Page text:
Thursday, July 28, 2011

Scott recently complemented my turtling Jedi skills. I can't claim that the force is strong in me, but I have been working on my underwater stealth approach (I need to think of a better name: submarine snatch? dive and grab? drift and rip?).

We're all used to seeing turtles basking on a log or a rock in the water, and then seeing all of them drop into the water just as we get close enough to see what kind they are. If you've been canoeing or kayaking around turtles, you may have noticed that they wait a little longer to make their watery getaways. More than one herper has thought, 'what if I get even lower in the water?' 'What if I swim along as low as I can and try to grab them before they dive in?'

I'm here to tell you that it can be done. I've tried and failed at this many times in the past, and I think the problem before has been that I've used my arms too much, that I've been too high in the water. I even tried floating a log in front of me for a while, but they still dropped before I could get closer than a couple yards.

The key is flippers. The mask and snorkel are a given, but with the flippers you can kick yourself along with minimal motion above water (hands and arms submerged, of course), and swim along underwater as far as you can between breaths. This doesn't work 100% of the time, but it works enough for a good time.

It helps to keep on the other side of whatever the turtles are basking on, and the boulders in the Delaware make great cover.

Here's a map turtle (Graptemys geographica) catching some rays up on a boulder:

Here is a different turtle, in a shot I never thought I'd manage to take. I had swum up close from the other side of the boulder, and somehow she didn't see me as I got my camera a little above the surface and took the photo.

She did see me as I made my big leap out of the water to grab her, and she jumped into the water with a small male I hadn't seen initially. I popped back underwater and saw them break to my left, towards the middle of the river and deeper water (on a previous attempt, I couldn't see where the turtle went, just a puff of silt and then nothing).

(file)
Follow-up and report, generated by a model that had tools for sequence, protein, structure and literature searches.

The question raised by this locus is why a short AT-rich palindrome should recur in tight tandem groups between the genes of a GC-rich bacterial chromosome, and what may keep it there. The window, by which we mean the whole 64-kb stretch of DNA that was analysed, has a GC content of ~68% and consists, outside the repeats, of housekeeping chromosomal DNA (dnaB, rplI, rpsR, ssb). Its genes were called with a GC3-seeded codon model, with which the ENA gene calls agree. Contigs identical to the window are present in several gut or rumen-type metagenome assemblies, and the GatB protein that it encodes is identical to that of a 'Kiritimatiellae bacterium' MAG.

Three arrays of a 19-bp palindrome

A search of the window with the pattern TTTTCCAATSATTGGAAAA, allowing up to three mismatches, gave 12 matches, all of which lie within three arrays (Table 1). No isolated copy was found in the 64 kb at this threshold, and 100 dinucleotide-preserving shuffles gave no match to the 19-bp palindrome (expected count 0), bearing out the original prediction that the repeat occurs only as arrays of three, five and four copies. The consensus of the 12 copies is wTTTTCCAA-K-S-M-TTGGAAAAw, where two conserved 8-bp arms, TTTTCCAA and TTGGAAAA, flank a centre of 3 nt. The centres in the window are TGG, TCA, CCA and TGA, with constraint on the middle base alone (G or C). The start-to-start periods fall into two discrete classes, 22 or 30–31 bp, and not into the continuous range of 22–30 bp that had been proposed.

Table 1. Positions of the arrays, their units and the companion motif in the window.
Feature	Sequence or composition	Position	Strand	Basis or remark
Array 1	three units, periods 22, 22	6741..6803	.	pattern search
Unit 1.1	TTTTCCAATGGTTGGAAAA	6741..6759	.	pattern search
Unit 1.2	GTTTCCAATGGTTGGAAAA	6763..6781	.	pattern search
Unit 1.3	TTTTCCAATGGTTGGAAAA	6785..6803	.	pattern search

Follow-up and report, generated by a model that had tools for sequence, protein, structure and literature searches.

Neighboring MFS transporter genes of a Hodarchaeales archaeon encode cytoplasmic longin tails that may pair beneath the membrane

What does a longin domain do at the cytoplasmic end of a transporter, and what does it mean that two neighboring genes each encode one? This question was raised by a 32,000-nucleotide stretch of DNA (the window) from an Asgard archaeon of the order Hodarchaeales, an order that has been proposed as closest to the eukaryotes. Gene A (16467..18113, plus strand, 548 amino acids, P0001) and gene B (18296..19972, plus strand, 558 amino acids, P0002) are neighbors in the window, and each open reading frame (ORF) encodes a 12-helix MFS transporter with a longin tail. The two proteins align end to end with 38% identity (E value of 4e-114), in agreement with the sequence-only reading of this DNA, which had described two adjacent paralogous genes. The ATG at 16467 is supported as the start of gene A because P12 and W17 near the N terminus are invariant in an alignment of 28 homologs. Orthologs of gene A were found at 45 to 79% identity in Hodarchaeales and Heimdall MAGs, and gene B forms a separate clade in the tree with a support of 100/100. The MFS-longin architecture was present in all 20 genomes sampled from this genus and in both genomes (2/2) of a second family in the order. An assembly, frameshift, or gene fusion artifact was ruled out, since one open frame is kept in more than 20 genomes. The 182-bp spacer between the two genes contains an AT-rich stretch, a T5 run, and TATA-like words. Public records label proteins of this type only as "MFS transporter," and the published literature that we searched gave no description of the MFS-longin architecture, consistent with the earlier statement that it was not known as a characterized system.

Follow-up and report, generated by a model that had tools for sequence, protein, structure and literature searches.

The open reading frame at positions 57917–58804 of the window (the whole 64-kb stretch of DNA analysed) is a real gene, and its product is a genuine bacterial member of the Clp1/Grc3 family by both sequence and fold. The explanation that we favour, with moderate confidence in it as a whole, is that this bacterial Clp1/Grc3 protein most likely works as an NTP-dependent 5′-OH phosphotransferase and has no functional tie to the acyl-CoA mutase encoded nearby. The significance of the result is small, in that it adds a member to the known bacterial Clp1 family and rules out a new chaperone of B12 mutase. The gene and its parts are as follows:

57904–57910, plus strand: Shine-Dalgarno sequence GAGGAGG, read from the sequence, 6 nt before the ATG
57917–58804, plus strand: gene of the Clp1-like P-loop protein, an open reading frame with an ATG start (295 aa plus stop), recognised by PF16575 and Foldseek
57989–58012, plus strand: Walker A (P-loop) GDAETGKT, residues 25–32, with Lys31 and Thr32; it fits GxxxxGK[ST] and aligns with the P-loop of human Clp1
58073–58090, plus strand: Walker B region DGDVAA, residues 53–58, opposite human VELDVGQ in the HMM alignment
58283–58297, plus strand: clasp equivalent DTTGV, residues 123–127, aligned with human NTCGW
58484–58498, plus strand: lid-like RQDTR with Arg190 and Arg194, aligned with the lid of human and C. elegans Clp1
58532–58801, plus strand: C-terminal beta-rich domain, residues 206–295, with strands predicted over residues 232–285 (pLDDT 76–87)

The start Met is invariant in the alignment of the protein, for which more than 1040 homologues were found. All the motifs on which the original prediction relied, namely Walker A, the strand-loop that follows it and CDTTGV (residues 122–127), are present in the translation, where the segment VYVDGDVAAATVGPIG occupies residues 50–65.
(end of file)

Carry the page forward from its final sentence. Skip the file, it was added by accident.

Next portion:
It turns out that a human with flippers is faster than a turtle, or even two turtles. I caught the male with my left hand and kept kicking. I caught up with the female, and then swam back to the boulder to settle in for a brief photo session:

I let the male go first, and soon felt something crawling underneath my backside, which was loosely planted underwater on the rocks next to the basking boulder.

The trick worked perfectly with a smaller (medium-sized) female towards the end of the session. I would like to brag by pointing out how dry her shell is in this shot:

Here she is again, dipped in the water to get her pattern to show up a little better:

I had started off the session finding turtles in the traditional way, watching the turtles dive into the water as I sloshed in from shore, and finding a male who trying to hide, in this case hanging onto the vertical face of the boulder underwater.
Here's a smallish female who had decided to hide around a snag and some weeds at the bottom:

I thought she had a pretty neck.
I kept seeing some enormous mussels in the sand, and since I had recently turned in an article on mussels to run in an upcoming issue of Grid I asked a mussel researcher and she IDed it as a yellow lamp mussel, apparently rare in the Delaware.

On my march back to the car, along the Delaware and Raritan Canal, I kept an eye out for map turtles...

As well as the grander redbelly turtles (Pseudemys rubriventris) that have a habit of basking almost, but not entirely, out of the water.

This one is sharing a downed tree with a large stinkpot (Sternotherus oderatus), looking gawky, like it expects the log to roll over at any minute.